All options on the table as Hillman schools look to cut

HILLMAN — All options are on the table as the Hillman Community Schools Board of Education works to make budget cuts before the 2019-20 school year.

The board met Wednesday to discuss more cuts as the district works to overcome a $464,000 budget shortfall caused mostly by declining enrollment. The school has already identified 10 potential layoffs and approved nine, though five paraprofessionals were recalled.

A vote to eliminate a secondary social studies teacher position failed on Wednesday because board members want to see other options for cuts.

Different items were discussed Wednesday as potential cuts to help the district’s budget long term.


Board President Kelly Burwell listed her own ideas for potential cuts: moving Hillman Elementary School students into the junior/senior high school building, eliminating busing for students who live within walking distance of the elementary school, having one K-12 principal instead of two and adding a dean of students for discipline, and eliminating the band/music program.

Moving all students into the junior/senior high school would make the school crowded, but Burwell said that, if that prevented teacher layoffs, that should be an option. Eliminating busing for students close to the elementary would eliminate a bus route.

Hillman had a K-12 administrator before, but it was a challenge for that person to run two buildings. Burwell said Atlanta Community Schools has a K-12 principal and, even though that district uses only one building, the option needs to be discussed in Hillman.

The band/music program was brought back in January 2018 after being gone for a few years. District Superintendent Carl Seiter said that, in his 25 years of education, he has never seen a new band teacher take a band program and thrive with it like Ben Witter has done.

“I’m here to tell you, not everybody plays sports and, if you eliminate that from our kids, what do we have?” Seiter said.

“We have to keep our core classes,” Burwell said. “We keep cutting at the middle school to where it’s barebones now. We need to share the pain.”

The industrial arts program was originally on the list of items to cut, but Seiter said district administrators removed it after discussing what would impact student schedules the least.

Burwell said there should be more options for students besides the core classes. She said there needs to be other opportunities for them to expand their knowledge so they are prepared for college, trade school, or whatever route they take after they graduate.

The idea of recruiting foreign exchange students was also suggested. Each student would generate approximately $8,051 in revenue, according to the district. Board Vice President Jack Matthias said that, if the district could recruit eight to 10 foreign exchange students, that would generate about $70,000 to $80,000.

“We need more students and, between now and September, that’s the only thing that will allow us to do that,” Matthias said.


Sports transportation was discussed on Wednesday.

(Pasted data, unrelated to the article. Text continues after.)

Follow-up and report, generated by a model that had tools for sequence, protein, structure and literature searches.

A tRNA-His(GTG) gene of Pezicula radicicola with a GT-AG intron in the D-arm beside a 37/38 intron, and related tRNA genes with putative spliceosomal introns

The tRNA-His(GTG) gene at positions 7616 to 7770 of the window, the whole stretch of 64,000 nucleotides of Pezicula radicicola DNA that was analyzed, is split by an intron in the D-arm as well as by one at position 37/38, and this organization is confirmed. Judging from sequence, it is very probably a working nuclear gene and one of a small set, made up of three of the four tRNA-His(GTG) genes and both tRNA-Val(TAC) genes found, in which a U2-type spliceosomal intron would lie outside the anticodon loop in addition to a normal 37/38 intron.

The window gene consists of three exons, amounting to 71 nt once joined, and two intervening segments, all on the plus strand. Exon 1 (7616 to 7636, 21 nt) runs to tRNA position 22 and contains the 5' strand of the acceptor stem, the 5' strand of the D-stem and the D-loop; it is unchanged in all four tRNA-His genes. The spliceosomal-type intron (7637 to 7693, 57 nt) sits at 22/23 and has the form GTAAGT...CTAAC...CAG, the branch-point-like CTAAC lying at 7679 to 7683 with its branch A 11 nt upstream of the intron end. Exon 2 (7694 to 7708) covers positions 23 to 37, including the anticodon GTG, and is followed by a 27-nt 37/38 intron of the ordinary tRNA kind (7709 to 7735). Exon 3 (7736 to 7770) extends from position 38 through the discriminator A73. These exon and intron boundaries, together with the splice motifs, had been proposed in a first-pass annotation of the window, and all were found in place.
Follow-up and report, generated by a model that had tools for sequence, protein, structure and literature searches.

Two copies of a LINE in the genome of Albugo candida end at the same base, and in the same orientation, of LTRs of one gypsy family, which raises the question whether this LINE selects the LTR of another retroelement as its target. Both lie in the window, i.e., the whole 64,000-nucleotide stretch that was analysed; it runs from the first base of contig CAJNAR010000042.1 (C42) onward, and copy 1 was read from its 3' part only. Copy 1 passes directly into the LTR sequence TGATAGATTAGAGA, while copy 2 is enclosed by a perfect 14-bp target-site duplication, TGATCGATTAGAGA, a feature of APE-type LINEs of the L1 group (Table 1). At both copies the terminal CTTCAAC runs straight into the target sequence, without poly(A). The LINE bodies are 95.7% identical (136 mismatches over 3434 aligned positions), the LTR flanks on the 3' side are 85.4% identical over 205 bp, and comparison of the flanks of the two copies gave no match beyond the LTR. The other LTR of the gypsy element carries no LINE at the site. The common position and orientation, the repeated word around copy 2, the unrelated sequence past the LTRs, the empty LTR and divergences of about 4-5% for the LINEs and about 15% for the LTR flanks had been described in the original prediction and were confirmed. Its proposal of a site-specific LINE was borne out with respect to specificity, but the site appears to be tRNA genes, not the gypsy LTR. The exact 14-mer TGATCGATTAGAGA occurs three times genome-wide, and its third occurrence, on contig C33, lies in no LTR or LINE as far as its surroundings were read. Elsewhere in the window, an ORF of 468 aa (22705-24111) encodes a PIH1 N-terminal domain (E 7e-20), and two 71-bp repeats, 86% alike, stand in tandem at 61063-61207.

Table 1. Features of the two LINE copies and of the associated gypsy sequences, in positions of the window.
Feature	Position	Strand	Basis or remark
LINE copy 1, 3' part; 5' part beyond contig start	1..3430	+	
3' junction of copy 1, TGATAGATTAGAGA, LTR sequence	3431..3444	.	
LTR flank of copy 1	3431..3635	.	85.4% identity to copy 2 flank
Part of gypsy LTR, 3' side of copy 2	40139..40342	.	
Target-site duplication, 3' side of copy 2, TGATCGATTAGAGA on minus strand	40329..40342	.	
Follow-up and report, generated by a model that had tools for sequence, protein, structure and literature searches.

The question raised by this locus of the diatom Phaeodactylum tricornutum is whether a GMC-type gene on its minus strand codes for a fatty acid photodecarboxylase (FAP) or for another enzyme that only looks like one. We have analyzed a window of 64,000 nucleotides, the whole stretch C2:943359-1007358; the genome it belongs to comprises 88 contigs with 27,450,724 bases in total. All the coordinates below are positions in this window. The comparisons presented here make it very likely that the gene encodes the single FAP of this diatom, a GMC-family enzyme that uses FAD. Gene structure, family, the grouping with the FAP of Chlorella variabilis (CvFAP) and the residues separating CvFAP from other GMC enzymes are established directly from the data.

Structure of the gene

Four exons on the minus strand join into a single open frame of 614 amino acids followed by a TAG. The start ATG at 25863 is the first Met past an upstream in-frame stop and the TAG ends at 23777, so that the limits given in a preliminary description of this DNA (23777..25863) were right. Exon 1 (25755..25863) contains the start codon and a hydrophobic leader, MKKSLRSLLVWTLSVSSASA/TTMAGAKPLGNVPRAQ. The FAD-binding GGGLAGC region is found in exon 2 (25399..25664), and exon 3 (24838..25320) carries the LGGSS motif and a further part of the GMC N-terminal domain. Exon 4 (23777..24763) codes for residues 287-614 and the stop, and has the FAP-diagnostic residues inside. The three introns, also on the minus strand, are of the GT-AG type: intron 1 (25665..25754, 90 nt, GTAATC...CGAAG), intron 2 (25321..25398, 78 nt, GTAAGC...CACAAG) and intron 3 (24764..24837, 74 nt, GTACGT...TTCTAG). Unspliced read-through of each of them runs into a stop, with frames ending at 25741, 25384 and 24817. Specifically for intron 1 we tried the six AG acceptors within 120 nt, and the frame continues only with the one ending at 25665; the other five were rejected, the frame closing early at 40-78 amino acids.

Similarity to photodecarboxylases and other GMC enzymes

Seiter suggested implementing a sports transportation fee, so each student would pay $50 per sport. That would generate $11,150 based on the 223 athletes from the 2018-19 school year.

The district eliminated pay-to-play a couple years ago, and what Seiter is suggesting now would raise half of what was generated from the previous pay-to-play policy. Board members suggested doing the fee plus bringing back pay-to play because it would generate money for the district and could get rid of other cuts that are proposed.

The board will discuss the idea of bringing back pay-to-play at a future meeting.

Board Trustee Kristen Ertz suggested eliminating sports altogether. That would save money, but the district could lose those students who want to play sports.

“I don’t think we could take a hit of 223 (students),” Burwell said.

The district has already lost 90 students the past few years, a hit of over $700,000 in revenue, Seiter said.


Seiter was questioned by people during public comment Wednesday about a career navigator position. Hillman and neighboring districts received a $1.9 million Marshall Plan for Talent grant in December for the next three years. That grant helps fund career navigators to help students prepare for what careers they want to pursue.

The career navigator would be a positive $24,000 for the budget, since it’s grant funds, but that’s down from the $31,000 Seiter had originally discussed last week. He said that’s because the career navigator will help junior/senior high school principal Bill Lake with some duties that aren’t eligible for grant payments.

Hillman Elementary School teacher Crystal Vogt said the cuts aren’t easy for the board or the people who work in the buildings.

“We’ve got to stop fighting each other, and we need to make this work,” Vogt said. “It’s the way it is. We know how enrollment is dropping, we know we’re losing jobs, but we have got to stop fighting and get along. We need to fight together.”

The board will hold another special meeting at 1:30 p.m. Sunday to discuss budget reductions. The board will discuss all options and then create their own motions to vote on.

“I’m at a loss at to what exactly we want,” Seiter said.

Julie Goldberg can be reached at 989-358-5688 or jgoldberg@thealpenanews.com. Follow her on Twitter @jkgoldberg12.